The World Health Organization (WHO)1 and the US Department of Health and Human Services (HHS)2 recommend a minimum of 150 min/wk of moderate-intensity aerobic activity (or 75 min/wk of vigorous-intensity activity). These recommendations suggest that “substantial” health benefits accrue by meeting the recommended minimum level of physical activity and that “additional” benefit can be gained by performing more than the minimum level.1,2 The HHS and WHO guidelines advise that the recommended level of physical activity be spread throughout the week. Because the optimal combination of physical activity frequency, intensity, and duration to reduce mortality risk remains poorly understood, interest is emerging in the relative benefits of compressing recommended levels of activity into 1 to 2 days per week to accommodate time constraints.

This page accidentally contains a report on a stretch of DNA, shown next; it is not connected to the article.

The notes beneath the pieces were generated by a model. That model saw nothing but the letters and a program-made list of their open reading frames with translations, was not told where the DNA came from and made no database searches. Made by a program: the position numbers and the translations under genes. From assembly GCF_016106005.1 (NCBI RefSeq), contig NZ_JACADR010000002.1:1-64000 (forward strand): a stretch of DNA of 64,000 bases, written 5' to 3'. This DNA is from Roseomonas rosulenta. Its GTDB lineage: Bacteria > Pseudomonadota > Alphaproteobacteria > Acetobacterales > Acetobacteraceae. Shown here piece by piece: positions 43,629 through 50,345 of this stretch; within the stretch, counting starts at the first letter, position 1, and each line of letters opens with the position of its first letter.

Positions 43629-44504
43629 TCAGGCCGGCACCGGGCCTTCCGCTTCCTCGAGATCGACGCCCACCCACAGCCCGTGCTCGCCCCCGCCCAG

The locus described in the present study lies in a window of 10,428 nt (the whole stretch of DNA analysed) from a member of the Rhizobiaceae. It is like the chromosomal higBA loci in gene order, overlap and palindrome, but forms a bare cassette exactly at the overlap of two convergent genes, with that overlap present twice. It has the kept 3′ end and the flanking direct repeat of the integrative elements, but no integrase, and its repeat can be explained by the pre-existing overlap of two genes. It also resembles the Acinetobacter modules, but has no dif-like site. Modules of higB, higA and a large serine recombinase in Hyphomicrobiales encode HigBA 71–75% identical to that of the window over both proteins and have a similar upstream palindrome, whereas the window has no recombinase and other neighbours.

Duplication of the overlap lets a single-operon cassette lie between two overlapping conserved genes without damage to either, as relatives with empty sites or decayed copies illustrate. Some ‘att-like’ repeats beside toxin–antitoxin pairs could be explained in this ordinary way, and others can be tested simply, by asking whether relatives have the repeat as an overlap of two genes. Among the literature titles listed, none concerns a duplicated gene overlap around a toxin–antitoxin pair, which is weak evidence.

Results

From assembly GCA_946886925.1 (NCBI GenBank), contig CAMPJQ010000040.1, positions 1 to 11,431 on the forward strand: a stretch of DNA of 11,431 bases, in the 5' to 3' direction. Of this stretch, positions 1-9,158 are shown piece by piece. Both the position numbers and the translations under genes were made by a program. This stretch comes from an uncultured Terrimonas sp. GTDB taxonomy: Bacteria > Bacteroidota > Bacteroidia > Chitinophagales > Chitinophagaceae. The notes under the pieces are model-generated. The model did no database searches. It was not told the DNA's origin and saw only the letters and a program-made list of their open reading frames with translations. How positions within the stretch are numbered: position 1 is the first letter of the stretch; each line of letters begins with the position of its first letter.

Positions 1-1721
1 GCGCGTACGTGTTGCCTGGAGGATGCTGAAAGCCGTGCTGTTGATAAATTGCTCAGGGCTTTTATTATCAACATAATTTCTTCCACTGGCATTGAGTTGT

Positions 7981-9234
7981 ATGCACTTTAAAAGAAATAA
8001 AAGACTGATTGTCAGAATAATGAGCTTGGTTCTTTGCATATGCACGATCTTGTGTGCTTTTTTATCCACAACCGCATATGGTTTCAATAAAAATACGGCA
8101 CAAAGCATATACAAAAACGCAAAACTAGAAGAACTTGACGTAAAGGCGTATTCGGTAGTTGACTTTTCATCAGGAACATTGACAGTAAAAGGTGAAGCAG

Arem H, DiPietro L. Physical Activity on the Weekend: Can It Wait Until Then? JAMA Intern Med. 2017;177(3):342–343. doi:10.1001/jamainternmed.2016.8050
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